Port of Long Beach
Deputy Executive Director
FTZ No. 50 • 3,230 total acres 80 berths • 621,901 sq. ft. warehouse space • 76-ft. channel
Rail: BNSF, UP, Pacific Harbor Line
Top three export destinations: China, South Korea, Japan
Top three export commodities: Petroleum Coke, Petroleum Bulk, Chemicals
Noel Hacegaba: The Port of Long Beach is big ship ready. Vessels that are too large to pass through the expanded Panama Canal, which is set to open in 2015, are already calling at the Port of Long Beach today, and we’re in the midst of a 10-year capital improvement program to further modernize our terminals and infrastructure. The future is bright, and the future is big.
Our cargo increased year over year 11.3 percent in 2013, which is the third highest in the port’s history. So that puts us back to where we were in kind of pre-recession numbers.
Global Trade: How far along are you on the 10-year expansion?
Noel Hacegaba : We’re in about year two right now, and it’s a $4 billion capital improvement program. The two keystone projects are the replacement of an aging bridge. It’s currently called the Gerald Desmond Bridge; we are rebuilding it just to the north of the existing bridge. That’s about a $1.2 billion project. We’re also building a brand new terminal. We’re converting two aging terminals into one super terminal that is going to more than double capacity, reduce emissions and it’s just going to be cutting edge. It’s going to improve our efficiencies and productivity.
GT: So your port can already handle Post-Panamax vessels?
NH: Yes, actually it’s post-Post-Panamax vessels. Just to give you an idea, the current canal, they’re capped at 5,000 TEU vessels, and when they’re expansion program opens in 2015 it will be capped at 12,500, right? Vessels 14,000 TEUs are already calling at the Port of Long Beach.
GT: At what point did you upgrade cranes and everything? Did you have to dredge the harbor deeper?
NH: Well, we’re fortunate because we have natural depth. Our cranes are, right now, at 14,000 TEUs, they’re at capacity. So in other words, we haven’t had to upgrade our cranes yet, but we will as part of our modernization project that’s in the works.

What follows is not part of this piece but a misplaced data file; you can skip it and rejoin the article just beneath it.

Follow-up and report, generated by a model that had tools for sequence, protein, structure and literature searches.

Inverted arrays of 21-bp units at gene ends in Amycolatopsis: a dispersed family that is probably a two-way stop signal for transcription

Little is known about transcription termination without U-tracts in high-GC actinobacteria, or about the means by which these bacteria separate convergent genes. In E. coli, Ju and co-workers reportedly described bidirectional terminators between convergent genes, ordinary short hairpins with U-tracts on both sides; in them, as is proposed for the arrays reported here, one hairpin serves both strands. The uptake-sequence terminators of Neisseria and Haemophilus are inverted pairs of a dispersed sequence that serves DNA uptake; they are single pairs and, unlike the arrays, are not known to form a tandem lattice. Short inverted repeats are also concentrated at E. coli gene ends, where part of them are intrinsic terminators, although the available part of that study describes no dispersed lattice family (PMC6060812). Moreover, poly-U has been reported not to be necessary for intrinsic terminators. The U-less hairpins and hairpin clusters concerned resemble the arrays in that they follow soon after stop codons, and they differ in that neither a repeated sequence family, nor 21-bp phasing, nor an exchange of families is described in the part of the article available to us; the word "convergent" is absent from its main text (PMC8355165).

GT: Is the breakwater there unique?
NH: That’s a good question. I’m not in the position to answer that. I’m not familiar with that part of ports and ports across the country. I know that the breakwater here is important. Obviously it facilitates the passage of the vessels docking at our terminals, but I don’t know, I can’t say that it’s unique to Long Beach.
GT: In what ways are you really competing with the Port of Los Angeles?
NH: We compete for cargo. We collaborate on issues that relate to both ports. We’re considered one complex. We’re known as the San Pedro Bay Complex internationally. We certainly collaborate on issues like the environment. We came together back in 2006 and adopted a cleaner action plan, for instance. Both ports since that time have reduced emissions by 81 percent. We also collaborate on security. It just doesn’t make sense for us to have our own security functions, so our security teams do in fact collaborate. There’s a lot of teamwork in addition to our security partners like the Coast Guard, the local police authorities and so forth, but when it comes to cargo, we compete. We compete fiercely for cargo. Cargo goes back and forth between the two ports; that’s been the trend historically, and we’ll continue to compete for cargo.
GT: What rail lines are coming into the port?
NH: Union Pacific and Burlington Northern Santa Fe, those are the two Class I railroads that provide services here to the ports.
GT: Are those competitive in themselves? Are they serving the same terminals or are they serving different ones?
NH: They compete with one another for business, yes, but they do serve terminals at both ports.
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